Everyone who sets things in perspective considers their end; hence he is wise in an absolute sense who knows and acts for the universal end, God. “For this is your wisdom, and understanding in the sight of nations” (Deut. 4:6). For wisdom, as Augustine mentions in the Fourth Book on the Trinity, is the knowledge of divine realities. Prudence, on the other hand, is the directive care of particular things, as when a person regulates his actions. Thus, wisdom is prudence to man. For this reason he says become not imprudent, but understanding what is the will of God [Eph. 5:17]. For just as speculative reason puts whatever is to be done in perspective and judges it—it is necessary to have conclusions and to judge them by principles—so likewise in the field of performance. Now the first principle through which we ought to judge and regulate everything is the will of God. Hence the intellect, in moral matters and those which lead to God, must have the will of God for its principle. If it does, then the intellect becomes prudent. “O that they would be wise and would understand, and would provide for their last end” (Deut. 32:29). Our Lord taught this: “Thy will be done” (Mt. 26:42).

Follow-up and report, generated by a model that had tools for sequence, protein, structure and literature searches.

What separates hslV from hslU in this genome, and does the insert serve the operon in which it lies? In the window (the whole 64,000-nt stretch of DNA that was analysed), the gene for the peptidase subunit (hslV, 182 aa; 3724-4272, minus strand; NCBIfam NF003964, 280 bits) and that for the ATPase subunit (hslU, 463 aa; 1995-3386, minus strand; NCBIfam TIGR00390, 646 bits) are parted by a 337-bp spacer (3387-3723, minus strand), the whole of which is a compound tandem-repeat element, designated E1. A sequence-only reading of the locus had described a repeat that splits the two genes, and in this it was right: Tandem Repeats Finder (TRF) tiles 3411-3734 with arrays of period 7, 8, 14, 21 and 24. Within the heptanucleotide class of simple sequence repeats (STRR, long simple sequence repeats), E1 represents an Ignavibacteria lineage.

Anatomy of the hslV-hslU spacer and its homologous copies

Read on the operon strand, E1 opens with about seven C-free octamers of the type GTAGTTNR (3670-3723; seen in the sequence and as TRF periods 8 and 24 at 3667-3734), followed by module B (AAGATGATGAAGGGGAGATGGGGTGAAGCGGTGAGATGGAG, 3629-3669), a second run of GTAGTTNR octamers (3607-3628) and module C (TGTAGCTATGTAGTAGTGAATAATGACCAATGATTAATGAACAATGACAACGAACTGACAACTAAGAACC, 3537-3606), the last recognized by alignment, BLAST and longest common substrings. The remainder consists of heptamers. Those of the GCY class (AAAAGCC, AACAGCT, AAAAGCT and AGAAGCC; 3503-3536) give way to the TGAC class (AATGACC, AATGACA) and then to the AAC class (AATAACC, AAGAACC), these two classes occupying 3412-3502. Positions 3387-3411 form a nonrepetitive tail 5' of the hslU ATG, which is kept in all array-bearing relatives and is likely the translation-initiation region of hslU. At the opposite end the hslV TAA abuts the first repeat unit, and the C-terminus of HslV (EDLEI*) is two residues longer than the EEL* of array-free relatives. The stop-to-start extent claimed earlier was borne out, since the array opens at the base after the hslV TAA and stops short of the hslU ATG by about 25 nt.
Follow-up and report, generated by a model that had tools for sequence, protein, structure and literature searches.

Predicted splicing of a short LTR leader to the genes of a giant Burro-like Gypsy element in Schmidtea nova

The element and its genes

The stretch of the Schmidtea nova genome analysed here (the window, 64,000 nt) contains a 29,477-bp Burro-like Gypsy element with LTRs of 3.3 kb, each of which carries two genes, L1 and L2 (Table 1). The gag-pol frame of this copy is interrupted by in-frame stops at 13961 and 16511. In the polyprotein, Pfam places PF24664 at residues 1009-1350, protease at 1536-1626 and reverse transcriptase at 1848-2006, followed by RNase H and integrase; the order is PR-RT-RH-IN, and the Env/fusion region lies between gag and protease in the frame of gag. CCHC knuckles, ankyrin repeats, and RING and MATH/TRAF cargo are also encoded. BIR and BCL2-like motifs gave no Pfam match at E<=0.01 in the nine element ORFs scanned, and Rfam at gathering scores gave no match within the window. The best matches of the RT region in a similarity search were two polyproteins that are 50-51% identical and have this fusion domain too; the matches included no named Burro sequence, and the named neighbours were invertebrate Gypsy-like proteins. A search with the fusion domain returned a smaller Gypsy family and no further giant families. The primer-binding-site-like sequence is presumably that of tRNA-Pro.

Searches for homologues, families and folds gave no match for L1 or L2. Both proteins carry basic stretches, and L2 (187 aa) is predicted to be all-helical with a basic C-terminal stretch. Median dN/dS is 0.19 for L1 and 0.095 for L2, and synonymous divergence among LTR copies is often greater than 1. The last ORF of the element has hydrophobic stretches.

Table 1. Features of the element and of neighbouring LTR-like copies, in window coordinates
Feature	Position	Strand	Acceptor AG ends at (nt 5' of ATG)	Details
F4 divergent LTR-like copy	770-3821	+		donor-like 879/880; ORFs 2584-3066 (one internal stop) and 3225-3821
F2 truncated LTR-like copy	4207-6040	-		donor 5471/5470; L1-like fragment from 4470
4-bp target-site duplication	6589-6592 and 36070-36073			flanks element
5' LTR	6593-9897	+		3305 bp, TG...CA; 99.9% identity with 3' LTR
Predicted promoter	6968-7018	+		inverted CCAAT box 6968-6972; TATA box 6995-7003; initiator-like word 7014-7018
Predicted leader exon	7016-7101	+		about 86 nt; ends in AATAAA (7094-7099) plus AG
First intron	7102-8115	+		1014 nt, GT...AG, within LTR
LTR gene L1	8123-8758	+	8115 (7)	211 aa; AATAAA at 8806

Aquinas, Commentary on the Epistle to the Ephesians, Chapter 5, Lecture 6.